Emma Tenayuca

Changemakers from ¡Printing the Revolution! The Rise and Impact of Chicano Graphics, 1965 to Now

The Print

Media - 2020.20.89 - SAAM-2020.20.89_1 - 138865

Rupert García, Chicano Research as a Catalyst for Social Change, 1977, offset lithograph on paper, Smithsonian American Art Museum, Gift from the Trustees of the Corcoran Gallery of Art (Gift of Mr. and Mrs. Gerald D. Kohs), 2020.20.89, © 1977, Rupert García

Rupert García
born French Camp, California 1941

Chicano Research as a Catalyst for Social Change
offset lithograph on paper
Gift from the Trustees of the Corcoran Gallery of Art (Gift of Mr. and Mrs. Gerald D. Kohs), 2020.20.89

To create this print, García relied on a historical photograph of Emma Tenayuca. In their work, Chicano artists frequently resurrect earlier radical figures to reveal precursors to Chicano activism. This 1977 poster promotes one of the earliest convenings of the National Caucus of Chicano Social Scientists, later known as the National Association for Chicana and Chicano Studies. Formed in 1972, the organization remains dedicated to supporting and disseminating Chicanx scholarship.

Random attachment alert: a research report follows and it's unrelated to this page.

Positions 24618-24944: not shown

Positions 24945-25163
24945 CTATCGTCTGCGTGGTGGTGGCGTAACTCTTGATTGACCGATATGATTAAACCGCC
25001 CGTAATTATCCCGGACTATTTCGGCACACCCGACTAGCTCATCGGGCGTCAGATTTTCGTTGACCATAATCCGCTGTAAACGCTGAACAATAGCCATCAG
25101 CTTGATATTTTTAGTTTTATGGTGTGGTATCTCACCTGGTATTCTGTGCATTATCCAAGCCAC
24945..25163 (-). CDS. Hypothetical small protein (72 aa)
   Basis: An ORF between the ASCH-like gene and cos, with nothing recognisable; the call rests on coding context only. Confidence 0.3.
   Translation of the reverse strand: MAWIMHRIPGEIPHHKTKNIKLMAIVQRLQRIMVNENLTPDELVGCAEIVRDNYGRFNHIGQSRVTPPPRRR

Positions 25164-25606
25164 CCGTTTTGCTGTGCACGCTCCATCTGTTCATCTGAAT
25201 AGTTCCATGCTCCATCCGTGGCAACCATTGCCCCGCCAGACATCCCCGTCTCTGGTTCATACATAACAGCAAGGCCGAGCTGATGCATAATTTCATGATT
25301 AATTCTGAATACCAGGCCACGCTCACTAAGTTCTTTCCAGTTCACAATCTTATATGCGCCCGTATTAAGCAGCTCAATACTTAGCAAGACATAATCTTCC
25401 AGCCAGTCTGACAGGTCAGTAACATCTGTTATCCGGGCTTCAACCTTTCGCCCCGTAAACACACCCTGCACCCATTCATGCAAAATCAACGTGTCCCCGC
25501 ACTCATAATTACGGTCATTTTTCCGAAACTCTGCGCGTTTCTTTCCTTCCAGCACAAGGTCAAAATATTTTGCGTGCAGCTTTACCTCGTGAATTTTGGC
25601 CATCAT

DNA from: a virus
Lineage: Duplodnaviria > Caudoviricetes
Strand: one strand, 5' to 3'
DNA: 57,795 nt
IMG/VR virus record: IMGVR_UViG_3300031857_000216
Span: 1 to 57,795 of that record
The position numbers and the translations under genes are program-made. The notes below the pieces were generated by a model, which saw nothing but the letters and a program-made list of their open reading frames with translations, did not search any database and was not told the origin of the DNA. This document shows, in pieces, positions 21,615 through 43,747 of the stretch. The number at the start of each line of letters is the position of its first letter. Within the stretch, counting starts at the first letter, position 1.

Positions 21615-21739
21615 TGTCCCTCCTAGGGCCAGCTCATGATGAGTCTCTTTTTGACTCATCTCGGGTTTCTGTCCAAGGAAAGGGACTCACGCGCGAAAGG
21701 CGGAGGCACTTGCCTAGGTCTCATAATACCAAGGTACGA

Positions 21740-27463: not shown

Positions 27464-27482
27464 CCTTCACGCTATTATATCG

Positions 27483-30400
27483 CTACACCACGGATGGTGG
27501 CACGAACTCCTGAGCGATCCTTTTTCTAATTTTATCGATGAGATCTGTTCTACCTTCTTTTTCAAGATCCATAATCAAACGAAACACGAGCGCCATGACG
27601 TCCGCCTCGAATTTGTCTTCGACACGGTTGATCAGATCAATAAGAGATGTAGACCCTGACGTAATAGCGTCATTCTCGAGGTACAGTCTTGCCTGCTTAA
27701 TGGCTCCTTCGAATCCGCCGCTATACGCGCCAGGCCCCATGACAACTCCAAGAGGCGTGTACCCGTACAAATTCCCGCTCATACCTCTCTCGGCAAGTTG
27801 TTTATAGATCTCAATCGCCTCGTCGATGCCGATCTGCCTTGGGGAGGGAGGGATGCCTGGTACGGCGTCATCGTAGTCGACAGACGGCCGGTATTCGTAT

The Person

A photograph of a woman.

San Antonio Light Photograph Collection, MS 359, University of Texas at San Antonio Libraries Special Collections © San Antonio Express-News /ZUMA Press

Emma Tenayuca
born 1916 – San Antonio, Texas
died 1999 – San Antonio, Texas

“I just have a feeling, a very strong feeling, that if ever this world is civilized, that it would be more the work of women.”

In 1938, labor organizer and community activist Emma Tenayuca led a successful pecan shellers strike in San Antonio. Tenayuca’s prolific activism began in her teen years, and she remained on the front lines of labor organization until she was forced to leave Texas out of fear for her safety. She eventually returned to San Antonio and became a teacher. At her funeral, Chicana writer Carmen Tafolla praised Tenayuca for “speaking out at a time when neither Mexicans nor women were expected to speak at all.”